• F. Call Etiquette
  • G. Using Names and Breakout Teams
  • H. Collaboration Tools
  • I. Solicit Vocals or Signatures
  • J. Guardian of Change
  • K. Final Round Robin
  • L. Video-presence Differences
    • Movement
    • Clothing
    • Technical Support

DAY THREE

5. OVERVIEW OF HELPFUL TECHNIQUES: MORE THAN ONE RIGHT ANSWER

  • A. Kum-ba-yah vs Structured Facilitation
  • B. Team Building and Other Sources
  • C. Technique Selection and Applicability
  • D. All Situation Techniques
    • Breakout Teams and CEOs (Chief Easel Officers)
    • Icebreakers
      • Meeting Sparks
      • Innovation Warm-ups
    • Clear Purpose: Commander’s Intent (a “Feature” in Scrum)
    • Brainstorming
      • List First
        • Special Ground Rules
        • Never Facilitate Context
      • Then Analyze
      • To Document (Decide)
    • Definition: “Powerful definitions rely on much more than words.”
    • Book Ends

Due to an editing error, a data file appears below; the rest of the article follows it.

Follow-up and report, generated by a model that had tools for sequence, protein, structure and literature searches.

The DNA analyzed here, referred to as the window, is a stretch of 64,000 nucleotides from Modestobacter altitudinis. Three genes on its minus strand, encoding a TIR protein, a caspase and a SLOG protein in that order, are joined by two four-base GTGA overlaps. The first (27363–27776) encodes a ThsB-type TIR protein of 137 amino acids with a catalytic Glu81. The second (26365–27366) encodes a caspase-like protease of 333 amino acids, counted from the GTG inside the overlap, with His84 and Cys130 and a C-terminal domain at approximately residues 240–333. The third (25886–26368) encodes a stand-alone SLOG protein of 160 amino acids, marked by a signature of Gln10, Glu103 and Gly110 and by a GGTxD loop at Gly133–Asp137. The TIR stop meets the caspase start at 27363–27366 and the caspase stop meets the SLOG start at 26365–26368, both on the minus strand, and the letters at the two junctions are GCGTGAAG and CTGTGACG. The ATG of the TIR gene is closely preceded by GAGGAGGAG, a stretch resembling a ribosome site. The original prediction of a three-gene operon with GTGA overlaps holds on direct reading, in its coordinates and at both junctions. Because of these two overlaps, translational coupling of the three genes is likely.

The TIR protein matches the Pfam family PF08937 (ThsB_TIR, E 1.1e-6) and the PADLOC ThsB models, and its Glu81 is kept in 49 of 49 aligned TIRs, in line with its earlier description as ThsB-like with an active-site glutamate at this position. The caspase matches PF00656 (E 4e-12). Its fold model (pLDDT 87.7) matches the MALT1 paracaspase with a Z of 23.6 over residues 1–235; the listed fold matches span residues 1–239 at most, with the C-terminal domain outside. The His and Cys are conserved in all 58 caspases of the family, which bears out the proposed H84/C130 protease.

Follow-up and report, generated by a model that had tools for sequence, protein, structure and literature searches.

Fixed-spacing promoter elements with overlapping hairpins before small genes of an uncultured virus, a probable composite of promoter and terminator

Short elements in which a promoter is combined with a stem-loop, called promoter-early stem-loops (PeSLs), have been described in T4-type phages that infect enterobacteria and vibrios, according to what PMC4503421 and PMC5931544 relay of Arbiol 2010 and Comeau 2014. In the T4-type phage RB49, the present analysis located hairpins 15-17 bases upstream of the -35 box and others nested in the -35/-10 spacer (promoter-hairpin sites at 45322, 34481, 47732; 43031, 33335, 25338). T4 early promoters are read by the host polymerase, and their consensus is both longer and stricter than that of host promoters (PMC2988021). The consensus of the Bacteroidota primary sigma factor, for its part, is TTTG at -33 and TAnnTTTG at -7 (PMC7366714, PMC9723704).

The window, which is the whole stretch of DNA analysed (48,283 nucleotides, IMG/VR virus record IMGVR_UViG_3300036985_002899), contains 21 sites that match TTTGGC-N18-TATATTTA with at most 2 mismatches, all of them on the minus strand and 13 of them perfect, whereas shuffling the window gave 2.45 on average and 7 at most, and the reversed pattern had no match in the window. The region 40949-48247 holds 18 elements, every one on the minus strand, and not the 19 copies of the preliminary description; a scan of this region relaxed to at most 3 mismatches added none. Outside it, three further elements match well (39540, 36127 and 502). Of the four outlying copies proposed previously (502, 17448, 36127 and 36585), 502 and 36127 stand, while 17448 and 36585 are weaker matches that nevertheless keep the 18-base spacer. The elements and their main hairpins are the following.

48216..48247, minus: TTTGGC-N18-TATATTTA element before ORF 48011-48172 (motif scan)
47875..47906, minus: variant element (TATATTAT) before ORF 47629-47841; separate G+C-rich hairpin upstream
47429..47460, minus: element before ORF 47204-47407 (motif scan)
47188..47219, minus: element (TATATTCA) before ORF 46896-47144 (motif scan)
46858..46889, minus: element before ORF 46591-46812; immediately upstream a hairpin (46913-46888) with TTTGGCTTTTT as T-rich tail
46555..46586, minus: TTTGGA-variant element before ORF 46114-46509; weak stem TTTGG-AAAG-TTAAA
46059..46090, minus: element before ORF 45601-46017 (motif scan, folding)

• Plus-Delta
    • Guardian of Change
  • E. Simple Prioritization
    • PowerBalls
    • Fibonacci and Poker Planning
  • F. Creativity and Innovation
    • Creativity Technique
    • Stir Up the Participant Pool
    • De Bono’s Thinking Caps
    • Changing Perspectives (Monastery vs. Mafia)
    • SCAMPER
  • G. Complicated Prioritization
    • Perceptual Mapping
    • Decision Matrix
  • H. Complex Prioritization
    • Scorecard Analysis
    • Quantitative SW-OT Analysis
  • I. Problem Solving
    • Gap Analysis
    • Know What DONE Looks Like
    • Solution Stack
  • J. Framing
    • Scoping
    • Flexibility
    • Content Management: What? So What? Now What?
  • K. Specialized Situations
    • Root Cause Analysis or KPIs
    • Decision Quality
    • Fist of Five
    • “Breaks”
    • Issue Bag

6. AGENDAS: PREPARATION ABOVE ALL ELSE

  • A. Building Simple Agendas
    • A Metaphor Tells a Thousand Pictures
    • 50-minute Meeting Example
  • B. Constructing Annotated Agendas
    • Components and Scripting
      • Develop the Basis
      • Layer in Activities
      • Make it Pretty
    • Three-hour Workshop Example
  • C. Powerful Introductions: Seven Proven Activities
  • D. Comprehensive Review and Wrap: Four Proven Activities